A loud exhaust message from Harley Davidson

Moderators: Reflections, admin, hwybear, Radar Identified, Decatur, bend

User avatar
FyreStorm
Sr. Member
Sr. Member
Posts: 265
Joined: Thu Mar 18, 2010 9:39 am
Location: The Valley

Posting Awards

A loud exhaust message from Harley Davidson

by: FyreStorm on
Mon Mar 29, 2010 10:37 am

Loud Pipes' Cost: Harley-Davidson Tries to Quiet Motorcycle Noise
In a message posted on the Harley-Davidson website, CEO Jim McCaslin asks riders to recognize and consider the consequences of loud exhaust pipes. With this step, Harley returns to the forefront in addressing the issue of motorcycle noise. By February, 2009

Harley-Davidson is not simply... read full captionHarley-Davidson is not simply speaking out about the problems that illegal loud pipes cause for the entire motorcycling community. The Motor Company also offers street-legal accessory exhausts systems and exhaust components for its various motorcycle model families. An alternative to universally loud aftermarket exhausts, the Harley accessory pipes, such as the these 50-state-legal slip-ons for Dyna models, provide a legal option for riders who want to customize.In a message entitled "Something We Never Want to Lose" on his company's website, Harley-Davidson Motor Company President and CEO Jim McCaslin tackles the issue of motorcycle noise and the increasing backlash motorcycling is experiencing as the result of loud pipes. Citing a four-fold increase in negative media coverage during the last decade, bans on motorcycles in some communities, attempts to curtail major motorcycle events, anti-tamper legislation, and other limitations of freedom for motorcyclists as the result of complaints about loud pipes, McCaslin says, "We all, every Hog lovin' one of us, must do everything we can to protect our sport and keep it as strong as it is today."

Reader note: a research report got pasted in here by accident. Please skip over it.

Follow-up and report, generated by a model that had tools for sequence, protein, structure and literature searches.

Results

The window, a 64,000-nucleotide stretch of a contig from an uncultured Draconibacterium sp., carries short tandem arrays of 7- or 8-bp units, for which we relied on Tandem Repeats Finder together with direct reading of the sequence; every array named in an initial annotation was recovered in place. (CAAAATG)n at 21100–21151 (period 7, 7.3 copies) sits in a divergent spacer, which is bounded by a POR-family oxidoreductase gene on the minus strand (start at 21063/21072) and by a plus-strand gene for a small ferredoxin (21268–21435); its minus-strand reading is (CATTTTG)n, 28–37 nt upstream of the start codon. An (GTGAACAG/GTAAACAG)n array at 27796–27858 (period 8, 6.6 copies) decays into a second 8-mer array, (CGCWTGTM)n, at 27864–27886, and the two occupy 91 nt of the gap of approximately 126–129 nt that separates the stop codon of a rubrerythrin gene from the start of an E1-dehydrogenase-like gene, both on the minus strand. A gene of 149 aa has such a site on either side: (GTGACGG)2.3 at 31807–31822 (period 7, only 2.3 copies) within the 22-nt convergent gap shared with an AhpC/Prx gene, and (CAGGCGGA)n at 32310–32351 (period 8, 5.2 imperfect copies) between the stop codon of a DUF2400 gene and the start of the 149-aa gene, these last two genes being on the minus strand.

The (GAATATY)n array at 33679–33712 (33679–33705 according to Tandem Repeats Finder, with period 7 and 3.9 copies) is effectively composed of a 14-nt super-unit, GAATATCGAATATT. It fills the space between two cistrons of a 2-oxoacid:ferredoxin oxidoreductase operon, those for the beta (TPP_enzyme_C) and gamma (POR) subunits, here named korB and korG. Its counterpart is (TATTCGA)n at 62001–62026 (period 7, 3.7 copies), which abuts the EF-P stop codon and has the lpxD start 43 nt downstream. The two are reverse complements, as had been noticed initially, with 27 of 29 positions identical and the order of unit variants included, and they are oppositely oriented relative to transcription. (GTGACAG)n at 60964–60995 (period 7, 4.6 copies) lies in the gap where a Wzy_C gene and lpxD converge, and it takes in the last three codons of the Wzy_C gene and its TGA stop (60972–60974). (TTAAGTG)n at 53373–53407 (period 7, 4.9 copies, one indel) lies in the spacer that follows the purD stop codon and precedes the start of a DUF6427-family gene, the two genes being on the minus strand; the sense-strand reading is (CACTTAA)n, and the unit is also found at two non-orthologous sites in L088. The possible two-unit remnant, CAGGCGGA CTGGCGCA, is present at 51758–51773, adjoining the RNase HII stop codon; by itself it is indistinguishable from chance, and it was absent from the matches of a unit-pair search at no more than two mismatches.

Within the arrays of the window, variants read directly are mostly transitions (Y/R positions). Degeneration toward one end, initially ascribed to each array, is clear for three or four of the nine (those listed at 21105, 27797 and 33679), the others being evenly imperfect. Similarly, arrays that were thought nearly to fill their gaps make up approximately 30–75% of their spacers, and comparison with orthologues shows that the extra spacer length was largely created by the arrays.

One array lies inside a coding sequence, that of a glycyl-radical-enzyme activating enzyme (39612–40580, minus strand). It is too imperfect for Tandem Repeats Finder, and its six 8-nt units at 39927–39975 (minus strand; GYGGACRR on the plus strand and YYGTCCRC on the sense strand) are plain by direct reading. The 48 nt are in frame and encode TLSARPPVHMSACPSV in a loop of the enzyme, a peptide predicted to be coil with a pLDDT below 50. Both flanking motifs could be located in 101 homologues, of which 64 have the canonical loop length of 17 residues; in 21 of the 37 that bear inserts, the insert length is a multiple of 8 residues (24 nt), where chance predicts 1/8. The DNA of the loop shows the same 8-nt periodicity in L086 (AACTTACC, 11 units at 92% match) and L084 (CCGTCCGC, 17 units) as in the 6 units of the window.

This is the second stage of Harley-Davidson's campaign against loud exhaust pipes. Its initial effort last year was directed at and through dealers, with posters and literature that attempted to educate dealers and riders about the negative consequences of loud pipes. Harley-Davidson spokesman Paul James also told Motorcycle Cruiser that during the next few months Harley will cease shipments to dealers of racing exhaust systems that can be fitted to street models. We could no longer find any racing exhaust systems listed on the company's accessory website. However, Harley-Davidson still offers dozens of accessory exhaust systems that are street-legal (and therefore acceptably quiet), including for use in California.
Industry concern over the problem of loud exhaust pipes is nothing new. The American Motorcyclist Association (AMA) has long warned riders that attitudes shaped by complaints about loud pipes frequently compromise the AMA's efforts to battle anti-motorcycling legislation and regulation. That same concern was echoed by the Motorcycle Riders Foundation a few years ago when it adopted the AMA's stance against loud pipes. The Motorcycle Industry Council has conducted anti-noise campaigns for over 30 years.